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Publication numberUS7759908 B2
Publication typeGrant
Application numberUS 11/964,463
Publication dateJul 20, 2010
Filing dateDec 26, 2007
Priority dateDec 28, 2006
Fee statusPaid
Also published asCN101563826A, CN101563826B, EP2097963A2, US20080157714, WO2008083165A2, WO2008083165A3
Publication number11964463, 964463, US 7759908 B2, US 7759908B2, US-B2-7759908, US7759908 B2, US7759908B2
InventorsCharles LeMay, Clifford Risher-Kelly
Original AssigneeDraeger Medical Systems, Inc.
Export CitationBiBTeX, EndNote, RefMan
External Links: USPTO, USPTO Assignment, Espacenet
Electronic device identification system
US 7759908 B2
Abstract
An electronic device identification system includes a rectifier bridge for providing an output DC voltage of fixed polarity from an input DC voltage of a corresponding or reverse polarity. The system further includes an identification component coupled across an input to the rectifier bridge. This enables identification of the identification component value via electrical detection circuitry applied to the input to the rectifier bridge.
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Claims(25)
1. An electronic device identification system, comprising:
a rectifier bridge for providing an output DC voltage of fixed polarity from an input DC voltage of a corresponding or reverse polarity;
an identification component coupled across an input to said rectifier bridge, enabling identification of said identification component value via electrical detection circuitry applied to said input to said rectifier bridge; and
a capacitor coupled across said input to said rectifier bridge and coupled to exposed terminals connected to said input to said rectifier bridge, said identification component discharging said capacitor to prevent electric shock hazard from said exposed terminals, wherein the capacitor is discharged when the input DC voltage is removed.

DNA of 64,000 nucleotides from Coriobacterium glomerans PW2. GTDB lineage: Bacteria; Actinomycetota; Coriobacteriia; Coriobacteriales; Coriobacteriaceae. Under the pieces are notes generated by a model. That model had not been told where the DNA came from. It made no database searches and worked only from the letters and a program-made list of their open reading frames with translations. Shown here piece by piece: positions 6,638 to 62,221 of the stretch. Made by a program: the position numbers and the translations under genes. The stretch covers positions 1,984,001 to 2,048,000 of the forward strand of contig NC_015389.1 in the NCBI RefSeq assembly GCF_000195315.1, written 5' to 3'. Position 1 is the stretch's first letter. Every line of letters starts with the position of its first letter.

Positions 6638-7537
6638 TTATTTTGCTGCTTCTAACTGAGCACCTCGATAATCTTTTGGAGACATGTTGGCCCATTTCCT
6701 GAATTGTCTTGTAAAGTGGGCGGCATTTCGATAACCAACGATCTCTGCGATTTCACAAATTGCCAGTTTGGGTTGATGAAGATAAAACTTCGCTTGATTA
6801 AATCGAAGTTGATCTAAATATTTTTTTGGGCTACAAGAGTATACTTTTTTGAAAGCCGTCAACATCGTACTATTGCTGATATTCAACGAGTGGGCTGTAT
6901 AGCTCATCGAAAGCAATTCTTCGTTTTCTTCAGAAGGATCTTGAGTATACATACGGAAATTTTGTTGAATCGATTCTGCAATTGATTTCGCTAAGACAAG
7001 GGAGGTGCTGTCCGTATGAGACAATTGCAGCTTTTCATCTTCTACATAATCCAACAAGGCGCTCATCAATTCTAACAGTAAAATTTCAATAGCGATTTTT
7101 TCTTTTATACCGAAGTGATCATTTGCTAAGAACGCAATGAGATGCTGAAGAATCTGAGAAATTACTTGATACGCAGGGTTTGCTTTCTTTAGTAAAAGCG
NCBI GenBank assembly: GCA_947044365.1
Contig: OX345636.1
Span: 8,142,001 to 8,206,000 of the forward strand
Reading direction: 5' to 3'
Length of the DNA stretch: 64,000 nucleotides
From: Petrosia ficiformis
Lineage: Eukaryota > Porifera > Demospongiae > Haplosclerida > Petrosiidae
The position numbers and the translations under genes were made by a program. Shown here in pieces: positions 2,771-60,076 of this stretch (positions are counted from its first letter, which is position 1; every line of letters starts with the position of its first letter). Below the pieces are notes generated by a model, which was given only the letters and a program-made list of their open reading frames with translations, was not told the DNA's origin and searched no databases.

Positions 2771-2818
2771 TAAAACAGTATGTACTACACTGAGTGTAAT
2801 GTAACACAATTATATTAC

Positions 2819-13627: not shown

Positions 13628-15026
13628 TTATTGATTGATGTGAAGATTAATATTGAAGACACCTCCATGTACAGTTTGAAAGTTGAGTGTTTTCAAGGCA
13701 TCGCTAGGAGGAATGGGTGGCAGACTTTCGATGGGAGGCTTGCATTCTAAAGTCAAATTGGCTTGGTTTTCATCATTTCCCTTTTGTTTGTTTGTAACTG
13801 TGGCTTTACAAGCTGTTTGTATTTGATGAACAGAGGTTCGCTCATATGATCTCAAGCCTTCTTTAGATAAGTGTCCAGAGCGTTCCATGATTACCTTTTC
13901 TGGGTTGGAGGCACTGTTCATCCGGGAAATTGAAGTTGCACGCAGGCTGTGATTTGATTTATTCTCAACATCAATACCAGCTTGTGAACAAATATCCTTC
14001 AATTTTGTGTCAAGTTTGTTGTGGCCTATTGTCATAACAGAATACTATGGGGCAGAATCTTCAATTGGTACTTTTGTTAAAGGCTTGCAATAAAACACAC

2. A system according to claim 1 wherein:
said rectifier bridge is substantially switched off preventing provision of said output DC voltage when said identification component is not identified by the detection circuitry; and
said rectifier bridge is substantially switched on and providing said output DC voltage when said identification component is identified by the detection circuitry.
3. A system according to claim 1 wherein said identification component comprises a passive identification component being at least one of: (a) a resistor, (b) a capacitor and (c) an inductor.
4. A system according to claim 1 wherein said identification component comprises an active identification component providing at least one of: (a) a signal, (b) a message, and (c) a value, when activated.
5. A system according to claim 1 wherein said rectifier bridge employs semiconductor switching devices.
6. A system according to claim 5 wherein said semiconductor switching devices comprise at least one of: (a) MOSFETs, (b) transistors, and (c) diodes.
7. A system according to claim 1 wherein said identification component and said rectifier bridge are incorporated in a portable medical device attached to a patient.
8. An electronic device identification system, comprising:
a rectifier bridge for providing an output DC voltage of fixed polarity from an input DC voltage of a corresponding or reverse polarity;
series elements comprising an identification component in series with at least one switch device and coupled across an input to said rectifier bridge, said at least one switch device, in a first mode, electrically coupling said identification component across said input to said rectifier bridge enabling identification of said identification component value via electrical detection circuitry applied to said input to said rectifier bridge, said at least one switch device, in a second mode, substantially electrically isolating said identification component from said input to said rectifier bridge; and
a capacitor coupled across said input to said rectifier bridge and coupled to exposed terminals connected to said input to said series elements, said identification component discharging said capacitor to prevent electric shock hazard from said exposed terminals, wherein the capacitor is discharged when the input DC voltage is removed.
9. A system according to claim 8 wherein:
said rectifier bridge is substantially switched off preventing provision of said output DC voltage during said first mode; and
said rectifier bridge is substantially switched on and providing said output DC voltage during said second mode.
10. A system according to claim 9 wherein said identification component comprises a passive identification component being at least one of: (a) a resistor, (b) a capacitor and (c) an inductor.
11. A system according to claim 9 wherein said identification component comprises an active identification component providing at least one of: (a) a signal, (b) a message, and (c) a value, when activated.
12. A system according to claim 9 wherein said at least one switch device is at least one of: (a) a semiconductor device and (b) a relay.